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The Enlightenment

Uploaded by Admin on Jan 22, 1999

The Enlightenment is a name given by historians to an intellectual movement that was predominant in the Western world during the 18th century. Strongly influenced by the rise of modern science and by the aftermath of the long religious conflict that followed the Reformation, the thinkers of the Enlightenment (called philosophes in France) were committed to secular views based on reason or human understanding only, which they hoped would provide a basis for beneficial changes affecting every area of life and thought. The more extreme and radical philosophes-Denis Diderot, Claude Adrien Helvetius, Baron d'Holbach, the Marquis de Condorcet, and Julien Offroy de La Mettrie (1709-51)--advocated a philosophical rationalism deriving its methods from science and natural philosophy that would replace religion as the means of knowing nature and destiny of humanity; these men were materialists, pantheists, or atheists. Other enlightened thinkers, such as Pierre Bayle, Voltaire, David Hume, Jean Le Rond D'alembert, and Immanuel Kant, opposed fanaticism, but were either agnostic or left room for some kind of religious faith. All of the philosophes saw themselves as continuing the work of the great 17th century pioneers-Francis Bacon, Galileo, Descartes, Leibnitz, Isaac Newton, and John Locke-who had developed fruitful methods of rational and empirical inquiry and had demonstrated the possibility of a world remade by the application of knowledge for human benefit. The philosophes believed that science could reveal nature as it truly is and show how it could be controlled and manipulated. This belief provided an incentive to extend scientific methods into every field of inquiry, thus laying the groundwork for the development of the modern social sciences. The enlightened understanding of human nature was one that emphasized the right to self-expression and human fulfillment, the right to think freely and express one's views publicly without censorship or fear of repression. Voltaire admired the freedom he found in England and fostered the spread of English ideas on the Continent. He and his followers opposed the intolerance of the established Christian churches of their day, as well as the European governments that controlled and suppressed dissenting opinions. For example, the social disease which Pangloss caught from Paquette was traced to a "very learned Franciscan" and later to a Jesuit. Also, Candide reminisces that his passion for Cunegonde first developed at a Mass. More conservative enlightened thinkers, concerned primarily with efficiency and administrative order, favored the "enlightened despotism" of such monarchs as Emperor Joseph II, Frederick...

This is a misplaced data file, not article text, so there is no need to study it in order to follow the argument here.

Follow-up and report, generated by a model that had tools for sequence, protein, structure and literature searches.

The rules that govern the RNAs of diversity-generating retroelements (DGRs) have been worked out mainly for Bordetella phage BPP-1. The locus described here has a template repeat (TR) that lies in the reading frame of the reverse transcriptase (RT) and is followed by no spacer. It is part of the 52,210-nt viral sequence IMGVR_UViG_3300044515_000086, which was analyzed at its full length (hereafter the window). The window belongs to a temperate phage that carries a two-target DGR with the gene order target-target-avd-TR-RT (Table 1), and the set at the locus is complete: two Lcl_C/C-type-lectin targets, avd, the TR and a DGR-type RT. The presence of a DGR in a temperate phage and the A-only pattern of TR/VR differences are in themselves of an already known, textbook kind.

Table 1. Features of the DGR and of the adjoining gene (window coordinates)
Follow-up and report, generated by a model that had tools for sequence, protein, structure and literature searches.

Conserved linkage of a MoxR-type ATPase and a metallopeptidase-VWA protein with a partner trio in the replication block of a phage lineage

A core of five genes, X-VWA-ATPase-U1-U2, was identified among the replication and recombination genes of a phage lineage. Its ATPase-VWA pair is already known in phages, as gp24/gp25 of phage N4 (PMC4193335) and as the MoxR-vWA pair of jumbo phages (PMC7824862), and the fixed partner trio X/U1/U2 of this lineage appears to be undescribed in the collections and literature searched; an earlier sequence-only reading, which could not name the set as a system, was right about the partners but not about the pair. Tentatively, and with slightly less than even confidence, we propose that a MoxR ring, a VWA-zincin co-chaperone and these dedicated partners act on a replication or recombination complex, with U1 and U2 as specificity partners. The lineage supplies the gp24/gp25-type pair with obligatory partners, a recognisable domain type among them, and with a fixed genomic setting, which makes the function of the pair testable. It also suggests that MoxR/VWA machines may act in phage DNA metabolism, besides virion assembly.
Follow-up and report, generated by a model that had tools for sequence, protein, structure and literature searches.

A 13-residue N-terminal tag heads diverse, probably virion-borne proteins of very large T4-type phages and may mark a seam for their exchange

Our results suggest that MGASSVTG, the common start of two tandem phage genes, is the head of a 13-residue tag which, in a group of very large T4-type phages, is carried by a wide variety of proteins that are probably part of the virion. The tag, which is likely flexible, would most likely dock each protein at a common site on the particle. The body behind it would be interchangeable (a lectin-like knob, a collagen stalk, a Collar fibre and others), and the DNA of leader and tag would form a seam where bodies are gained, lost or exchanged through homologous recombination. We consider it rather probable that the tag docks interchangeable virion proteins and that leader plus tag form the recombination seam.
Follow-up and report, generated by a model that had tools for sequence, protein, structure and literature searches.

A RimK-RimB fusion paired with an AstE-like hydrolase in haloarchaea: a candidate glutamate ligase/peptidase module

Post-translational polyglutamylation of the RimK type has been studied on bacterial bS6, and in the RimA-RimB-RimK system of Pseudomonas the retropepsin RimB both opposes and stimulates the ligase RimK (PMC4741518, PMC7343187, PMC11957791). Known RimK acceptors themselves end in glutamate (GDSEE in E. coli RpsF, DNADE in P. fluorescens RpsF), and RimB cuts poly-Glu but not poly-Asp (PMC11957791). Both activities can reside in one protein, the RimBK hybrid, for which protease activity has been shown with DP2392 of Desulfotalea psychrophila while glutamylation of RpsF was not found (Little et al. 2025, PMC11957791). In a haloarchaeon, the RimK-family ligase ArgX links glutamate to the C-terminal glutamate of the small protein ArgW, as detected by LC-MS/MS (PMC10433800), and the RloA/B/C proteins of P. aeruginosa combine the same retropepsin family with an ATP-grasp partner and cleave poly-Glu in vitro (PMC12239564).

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Uploaded by:   Admin

Date:   01/22/1999

Category:   European History

Length:   4 pages (895 words)

Views:   1233

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